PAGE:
Profits too will need to be rebuilt. Many firms have been working at an operating loss, eating into their reserves and holding off investment. This cannot be sustained. Construction prices will rise, at least in the short term.
Meanwhile main contractors have to work through a raft of contracts bid at ludicrously low prices against a headwind of rising subcontracting, labour and materials prices. This could well send some under, further damaging the fabric of the industry.
Then we have the aspirations of the Government-Industry strategy which is calling for improvements and cost savings. That means yet more investment.
That all amounts to a big challenge.
Then let’s look at what’s actually driving the recovery. Well, in part you’d expect a recovery at some stage and as the third of the graphs shows it’s been a long time coming. And actually, on the current data, it doesn’t look that fantastic so far, if you scale for the numbers of adults overall and in work.
The turning point seems to have come about a year ago. How much the Funding for Lending scheme, launched in July 2012, helped is hard to know, but it seems to have supported the growth after the economy appeared to be heading for yet another recessionary dip.
On top of that we’ve had Help to Buy, which has underpinned recovery in house building and fuelled excitement in the housing market more generally. This almost inevitably will have fed through into greater consumer confidence, at least among homeowners.
Global instability has made London a city of choice for a huge amount of international wealth, while the easing of fears of financial mayhem in the Eurozone has made investors more willing to invest in development. This has all supported construction, especially in London.
But of huge importance all the above has been set against a monetary policy backdrop looser than any seen since before William and Mary where on throne.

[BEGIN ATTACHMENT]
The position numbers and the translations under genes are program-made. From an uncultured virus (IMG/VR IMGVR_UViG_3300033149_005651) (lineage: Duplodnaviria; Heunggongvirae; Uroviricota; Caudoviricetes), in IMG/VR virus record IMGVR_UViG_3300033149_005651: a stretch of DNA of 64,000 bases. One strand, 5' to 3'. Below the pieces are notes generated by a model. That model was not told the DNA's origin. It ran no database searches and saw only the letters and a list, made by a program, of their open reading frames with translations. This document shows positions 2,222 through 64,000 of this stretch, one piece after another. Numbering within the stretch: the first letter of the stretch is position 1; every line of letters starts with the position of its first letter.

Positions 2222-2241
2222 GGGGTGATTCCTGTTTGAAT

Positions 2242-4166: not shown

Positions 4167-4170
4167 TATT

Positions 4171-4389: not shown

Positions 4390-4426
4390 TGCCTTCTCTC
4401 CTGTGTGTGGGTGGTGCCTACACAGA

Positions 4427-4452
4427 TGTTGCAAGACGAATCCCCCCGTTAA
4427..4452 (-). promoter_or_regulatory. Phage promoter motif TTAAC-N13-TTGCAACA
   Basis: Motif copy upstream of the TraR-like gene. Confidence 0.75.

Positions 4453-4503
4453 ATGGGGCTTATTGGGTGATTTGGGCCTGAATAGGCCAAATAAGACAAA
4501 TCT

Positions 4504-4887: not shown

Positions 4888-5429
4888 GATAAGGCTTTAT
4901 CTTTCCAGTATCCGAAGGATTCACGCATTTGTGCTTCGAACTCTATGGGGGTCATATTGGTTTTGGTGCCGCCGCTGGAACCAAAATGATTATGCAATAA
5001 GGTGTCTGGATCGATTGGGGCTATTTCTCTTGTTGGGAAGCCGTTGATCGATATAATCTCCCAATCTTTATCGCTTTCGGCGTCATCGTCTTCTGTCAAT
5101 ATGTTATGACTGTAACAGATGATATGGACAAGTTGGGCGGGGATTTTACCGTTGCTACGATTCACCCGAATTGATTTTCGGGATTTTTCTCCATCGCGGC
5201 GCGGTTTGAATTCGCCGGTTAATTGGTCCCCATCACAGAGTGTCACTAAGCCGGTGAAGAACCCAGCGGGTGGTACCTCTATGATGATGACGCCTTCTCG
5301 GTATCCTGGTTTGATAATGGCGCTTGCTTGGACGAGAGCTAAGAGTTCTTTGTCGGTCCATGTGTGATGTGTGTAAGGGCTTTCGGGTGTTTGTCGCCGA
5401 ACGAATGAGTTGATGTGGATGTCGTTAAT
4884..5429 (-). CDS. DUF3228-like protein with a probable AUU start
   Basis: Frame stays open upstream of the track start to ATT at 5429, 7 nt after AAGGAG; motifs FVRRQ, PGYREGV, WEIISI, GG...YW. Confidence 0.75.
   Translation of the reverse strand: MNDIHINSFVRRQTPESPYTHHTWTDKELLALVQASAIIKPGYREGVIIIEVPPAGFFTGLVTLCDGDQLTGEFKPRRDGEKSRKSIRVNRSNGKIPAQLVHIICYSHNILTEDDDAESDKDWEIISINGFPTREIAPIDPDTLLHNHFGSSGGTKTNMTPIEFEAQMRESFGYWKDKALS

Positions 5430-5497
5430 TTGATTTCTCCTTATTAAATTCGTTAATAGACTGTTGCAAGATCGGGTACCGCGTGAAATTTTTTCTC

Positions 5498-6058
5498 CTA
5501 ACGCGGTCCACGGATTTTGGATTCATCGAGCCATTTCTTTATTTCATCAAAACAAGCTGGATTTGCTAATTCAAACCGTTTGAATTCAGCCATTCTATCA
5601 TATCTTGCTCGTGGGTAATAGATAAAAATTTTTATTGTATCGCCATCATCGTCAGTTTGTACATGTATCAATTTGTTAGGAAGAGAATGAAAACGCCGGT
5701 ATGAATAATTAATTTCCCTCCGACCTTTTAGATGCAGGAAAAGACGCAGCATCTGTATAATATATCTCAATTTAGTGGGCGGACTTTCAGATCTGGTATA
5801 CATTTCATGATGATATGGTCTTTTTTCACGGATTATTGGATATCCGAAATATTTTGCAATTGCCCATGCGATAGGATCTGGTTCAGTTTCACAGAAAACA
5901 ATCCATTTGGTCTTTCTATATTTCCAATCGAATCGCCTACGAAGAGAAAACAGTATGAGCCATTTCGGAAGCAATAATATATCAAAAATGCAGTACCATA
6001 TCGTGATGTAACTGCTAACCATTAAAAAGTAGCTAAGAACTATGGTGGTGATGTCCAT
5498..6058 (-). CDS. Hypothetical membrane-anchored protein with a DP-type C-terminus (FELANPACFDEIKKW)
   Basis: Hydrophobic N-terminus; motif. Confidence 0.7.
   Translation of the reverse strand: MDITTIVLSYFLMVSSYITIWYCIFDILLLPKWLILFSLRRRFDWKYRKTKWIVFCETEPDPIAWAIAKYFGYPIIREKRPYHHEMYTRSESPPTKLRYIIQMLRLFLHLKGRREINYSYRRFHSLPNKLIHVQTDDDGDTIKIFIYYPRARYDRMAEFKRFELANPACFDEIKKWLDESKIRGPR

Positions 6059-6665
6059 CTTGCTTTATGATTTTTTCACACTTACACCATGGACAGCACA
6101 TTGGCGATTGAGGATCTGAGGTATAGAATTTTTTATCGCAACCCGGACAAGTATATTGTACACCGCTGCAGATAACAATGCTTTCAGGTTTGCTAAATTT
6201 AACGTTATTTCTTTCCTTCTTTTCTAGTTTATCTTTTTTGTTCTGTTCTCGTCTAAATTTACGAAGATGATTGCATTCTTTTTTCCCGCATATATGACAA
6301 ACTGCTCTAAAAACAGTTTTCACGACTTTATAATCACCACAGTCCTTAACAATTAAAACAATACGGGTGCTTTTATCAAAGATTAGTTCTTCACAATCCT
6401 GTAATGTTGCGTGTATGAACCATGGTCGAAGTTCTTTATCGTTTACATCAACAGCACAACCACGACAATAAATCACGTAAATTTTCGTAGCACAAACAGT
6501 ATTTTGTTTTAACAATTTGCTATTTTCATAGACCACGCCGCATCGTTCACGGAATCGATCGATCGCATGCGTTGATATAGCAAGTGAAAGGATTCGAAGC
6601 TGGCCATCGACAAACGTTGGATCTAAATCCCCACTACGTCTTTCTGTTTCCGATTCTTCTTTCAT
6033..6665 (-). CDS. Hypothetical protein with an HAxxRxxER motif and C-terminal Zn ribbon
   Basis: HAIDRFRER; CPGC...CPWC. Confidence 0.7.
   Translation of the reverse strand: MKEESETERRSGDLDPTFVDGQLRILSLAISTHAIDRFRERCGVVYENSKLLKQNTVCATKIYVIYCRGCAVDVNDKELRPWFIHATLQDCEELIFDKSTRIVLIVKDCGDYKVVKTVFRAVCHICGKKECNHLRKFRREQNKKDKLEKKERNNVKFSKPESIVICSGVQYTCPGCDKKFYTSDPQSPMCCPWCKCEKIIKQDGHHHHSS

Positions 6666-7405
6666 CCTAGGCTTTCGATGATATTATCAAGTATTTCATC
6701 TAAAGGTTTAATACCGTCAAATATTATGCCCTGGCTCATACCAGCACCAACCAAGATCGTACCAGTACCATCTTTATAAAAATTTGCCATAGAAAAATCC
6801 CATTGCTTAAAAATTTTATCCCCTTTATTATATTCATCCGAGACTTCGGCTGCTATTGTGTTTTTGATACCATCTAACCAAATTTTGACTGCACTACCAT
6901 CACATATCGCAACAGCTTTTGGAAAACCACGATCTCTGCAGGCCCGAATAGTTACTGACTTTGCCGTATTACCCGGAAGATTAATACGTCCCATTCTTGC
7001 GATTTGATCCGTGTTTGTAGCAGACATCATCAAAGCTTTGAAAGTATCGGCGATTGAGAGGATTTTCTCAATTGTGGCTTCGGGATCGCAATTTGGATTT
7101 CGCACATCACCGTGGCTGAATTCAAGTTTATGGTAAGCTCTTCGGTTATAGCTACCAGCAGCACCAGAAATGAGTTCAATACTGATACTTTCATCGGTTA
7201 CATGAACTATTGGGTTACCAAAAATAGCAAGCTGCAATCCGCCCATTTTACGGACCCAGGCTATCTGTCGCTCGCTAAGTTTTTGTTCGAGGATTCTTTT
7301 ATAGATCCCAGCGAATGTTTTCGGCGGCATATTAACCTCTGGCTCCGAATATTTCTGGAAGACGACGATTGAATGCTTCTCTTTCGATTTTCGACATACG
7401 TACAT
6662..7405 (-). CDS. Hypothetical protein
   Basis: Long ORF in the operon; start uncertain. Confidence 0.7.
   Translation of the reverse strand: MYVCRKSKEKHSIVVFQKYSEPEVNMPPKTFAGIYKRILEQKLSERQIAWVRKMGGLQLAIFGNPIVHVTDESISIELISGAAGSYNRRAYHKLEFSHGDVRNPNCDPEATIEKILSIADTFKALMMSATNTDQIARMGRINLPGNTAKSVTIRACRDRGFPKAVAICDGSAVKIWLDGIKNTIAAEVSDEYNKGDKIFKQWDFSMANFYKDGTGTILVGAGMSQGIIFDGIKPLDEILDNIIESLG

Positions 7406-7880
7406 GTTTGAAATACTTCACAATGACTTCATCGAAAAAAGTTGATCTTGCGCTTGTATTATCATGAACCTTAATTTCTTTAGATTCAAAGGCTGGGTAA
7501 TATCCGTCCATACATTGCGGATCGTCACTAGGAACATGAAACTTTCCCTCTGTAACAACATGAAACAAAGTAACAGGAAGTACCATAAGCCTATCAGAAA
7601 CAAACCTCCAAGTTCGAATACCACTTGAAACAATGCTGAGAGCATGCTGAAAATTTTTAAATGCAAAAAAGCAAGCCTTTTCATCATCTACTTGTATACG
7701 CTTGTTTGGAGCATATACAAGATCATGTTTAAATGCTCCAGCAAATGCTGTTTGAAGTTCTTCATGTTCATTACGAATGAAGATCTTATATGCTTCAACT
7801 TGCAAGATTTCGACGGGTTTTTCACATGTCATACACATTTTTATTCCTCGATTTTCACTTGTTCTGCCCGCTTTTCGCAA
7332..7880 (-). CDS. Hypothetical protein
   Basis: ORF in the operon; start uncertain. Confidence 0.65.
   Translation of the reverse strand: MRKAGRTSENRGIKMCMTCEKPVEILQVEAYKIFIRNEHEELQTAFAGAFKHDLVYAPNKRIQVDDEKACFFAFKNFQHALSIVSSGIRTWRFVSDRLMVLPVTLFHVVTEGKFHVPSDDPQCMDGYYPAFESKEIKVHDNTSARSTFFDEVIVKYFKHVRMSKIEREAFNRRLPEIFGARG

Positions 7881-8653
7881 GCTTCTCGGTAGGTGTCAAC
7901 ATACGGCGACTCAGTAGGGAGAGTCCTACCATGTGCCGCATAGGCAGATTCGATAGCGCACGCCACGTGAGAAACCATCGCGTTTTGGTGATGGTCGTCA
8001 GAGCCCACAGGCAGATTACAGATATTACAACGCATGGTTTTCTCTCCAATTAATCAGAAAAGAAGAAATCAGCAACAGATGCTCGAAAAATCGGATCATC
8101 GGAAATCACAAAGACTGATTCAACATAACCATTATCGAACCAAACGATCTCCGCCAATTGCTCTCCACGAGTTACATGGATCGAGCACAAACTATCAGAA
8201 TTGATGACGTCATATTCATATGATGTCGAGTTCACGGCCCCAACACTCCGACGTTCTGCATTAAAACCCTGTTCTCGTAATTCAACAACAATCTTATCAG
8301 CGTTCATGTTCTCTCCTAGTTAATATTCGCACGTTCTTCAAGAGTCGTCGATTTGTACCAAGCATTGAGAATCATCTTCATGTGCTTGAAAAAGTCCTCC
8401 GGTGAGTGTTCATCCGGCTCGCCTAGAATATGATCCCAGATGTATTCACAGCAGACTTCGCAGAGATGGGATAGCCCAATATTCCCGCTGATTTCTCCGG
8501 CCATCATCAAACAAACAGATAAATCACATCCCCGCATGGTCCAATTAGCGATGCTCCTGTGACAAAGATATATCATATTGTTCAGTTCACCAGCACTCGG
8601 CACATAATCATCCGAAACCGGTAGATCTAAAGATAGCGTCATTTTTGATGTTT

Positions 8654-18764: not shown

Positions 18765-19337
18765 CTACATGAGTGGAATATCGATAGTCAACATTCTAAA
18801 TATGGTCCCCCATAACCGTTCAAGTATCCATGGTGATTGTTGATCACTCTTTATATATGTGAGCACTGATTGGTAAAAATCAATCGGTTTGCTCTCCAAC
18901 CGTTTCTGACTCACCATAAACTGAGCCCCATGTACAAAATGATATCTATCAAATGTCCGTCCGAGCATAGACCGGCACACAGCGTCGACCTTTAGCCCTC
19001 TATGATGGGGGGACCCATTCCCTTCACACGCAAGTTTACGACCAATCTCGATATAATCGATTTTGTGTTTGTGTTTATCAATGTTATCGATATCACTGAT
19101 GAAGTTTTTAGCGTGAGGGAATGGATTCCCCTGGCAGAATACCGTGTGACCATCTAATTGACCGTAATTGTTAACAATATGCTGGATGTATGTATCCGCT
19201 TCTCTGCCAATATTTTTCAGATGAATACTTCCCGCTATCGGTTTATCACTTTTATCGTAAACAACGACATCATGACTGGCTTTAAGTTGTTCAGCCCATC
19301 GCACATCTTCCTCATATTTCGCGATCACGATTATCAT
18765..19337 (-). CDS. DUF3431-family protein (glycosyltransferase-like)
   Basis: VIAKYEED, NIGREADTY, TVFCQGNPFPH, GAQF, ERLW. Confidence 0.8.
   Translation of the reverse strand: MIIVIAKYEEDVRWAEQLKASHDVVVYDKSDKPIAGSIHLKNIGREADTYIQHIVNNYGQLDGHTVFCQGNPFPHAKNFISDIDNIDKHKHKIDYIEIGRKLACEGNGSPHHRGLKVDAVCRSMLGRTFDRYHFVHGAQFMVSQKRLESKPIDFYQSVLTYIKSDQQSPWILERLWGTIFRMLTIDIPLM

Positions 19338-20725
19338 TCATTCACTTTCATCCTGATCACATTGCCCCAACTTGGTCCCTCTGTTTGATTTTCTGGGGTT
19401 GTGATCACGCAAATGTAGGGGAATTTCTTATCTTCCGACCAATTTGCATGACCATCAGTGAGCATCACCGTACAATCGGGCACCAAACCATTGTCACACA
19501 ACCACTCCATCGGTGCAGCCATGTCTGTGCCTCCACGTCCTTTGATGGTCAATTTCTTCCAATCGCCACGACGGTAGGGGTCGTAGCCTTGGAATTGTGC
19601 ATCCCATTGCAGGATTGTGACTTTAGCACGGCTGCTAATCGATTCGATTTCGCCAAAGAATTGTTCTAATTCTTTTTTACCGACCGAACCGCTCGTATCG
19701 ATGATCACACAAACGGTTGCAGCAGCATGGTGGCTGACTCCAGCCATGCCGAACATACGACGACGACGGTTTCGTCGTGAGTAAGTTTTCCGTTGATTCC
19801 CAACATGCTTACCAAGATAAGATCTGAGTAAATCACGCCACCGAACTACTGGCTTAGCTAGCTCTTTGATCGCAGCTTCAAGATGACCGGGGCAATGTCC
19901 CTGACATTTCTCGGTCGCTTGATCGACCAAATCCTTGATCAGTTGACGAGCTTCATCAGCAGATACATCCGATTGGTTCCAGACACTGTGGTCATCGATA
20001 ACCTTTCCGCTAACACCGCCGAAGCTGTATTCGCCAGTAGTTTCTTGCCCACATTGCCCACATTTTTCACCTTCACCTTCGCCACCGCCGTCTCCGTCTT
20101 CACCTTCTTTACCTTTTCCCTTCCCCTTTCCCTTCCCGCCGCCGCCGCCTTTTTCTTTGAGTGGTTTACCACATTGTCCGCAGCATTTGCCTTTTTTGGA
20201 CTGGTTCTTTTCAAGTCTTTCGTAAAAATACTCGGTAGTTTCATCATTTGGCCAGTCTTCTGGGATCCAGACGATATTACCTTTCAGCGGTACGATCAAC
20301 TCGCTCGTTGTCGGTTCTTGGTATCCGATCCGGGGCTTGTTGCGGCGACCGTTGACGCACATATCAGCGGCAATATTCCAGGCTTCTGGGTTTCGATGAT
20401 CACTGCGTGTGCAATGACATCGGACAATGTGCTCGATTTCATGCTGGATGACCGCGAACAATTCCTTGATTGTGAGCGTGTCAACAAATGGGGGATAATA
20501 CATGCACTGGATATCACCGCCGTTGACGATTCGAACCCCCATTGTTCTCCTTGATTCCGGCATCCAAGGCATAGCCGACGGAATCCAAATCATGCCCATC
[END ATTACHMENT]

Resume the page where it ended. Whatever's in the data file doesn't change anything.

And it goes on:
Meanwhile on the fiscal side the Government’s austerity, while I would argue grotesque on the capital spending side, has perhaps not been as harsh as some might have thought. Furthermore employment levels have held up rather better than most expected as workers took cuts to pay rather than cuts to numbers. This has, in part, provided less pressure than might have been expected on the Treasury coffers.
And let’s not forget George Osborne is a very political Chancellor. Rebalancing the economy – the little we have seen – seems to have pushed to the back seat as he seeks to conjure growth. He knows he needs the economy to be jollying along as the nation walks towards the poll booths.
So what lies ahead? Well there is, as always, in economics a few twists. Many of the policies currently in place and much of the benefits the economy is receiving are simply the result of the awfulness of the pickle we’re in. As we un-pickle ourselves these will, in time, vanish.
Help to Buy may be a quick victim if the housing market starts to run riot, or more of a riot as some would see it. Interest rates will most likely rise earlier the stronger the recovery. Stability abroad may make London a shade less attractive.
Basically the faster we grow the quicker the shutters come down on the sweet shop.
And then there is the General Election a year and a half away. What does this mean for policy post 2015?
So while it is easy to get excited about the recovery in construction, and it is welcome, the reality is that growth is just the start of what is likely to prove a long hard struggle along a bumpy old road for many firms and the industry as a whole.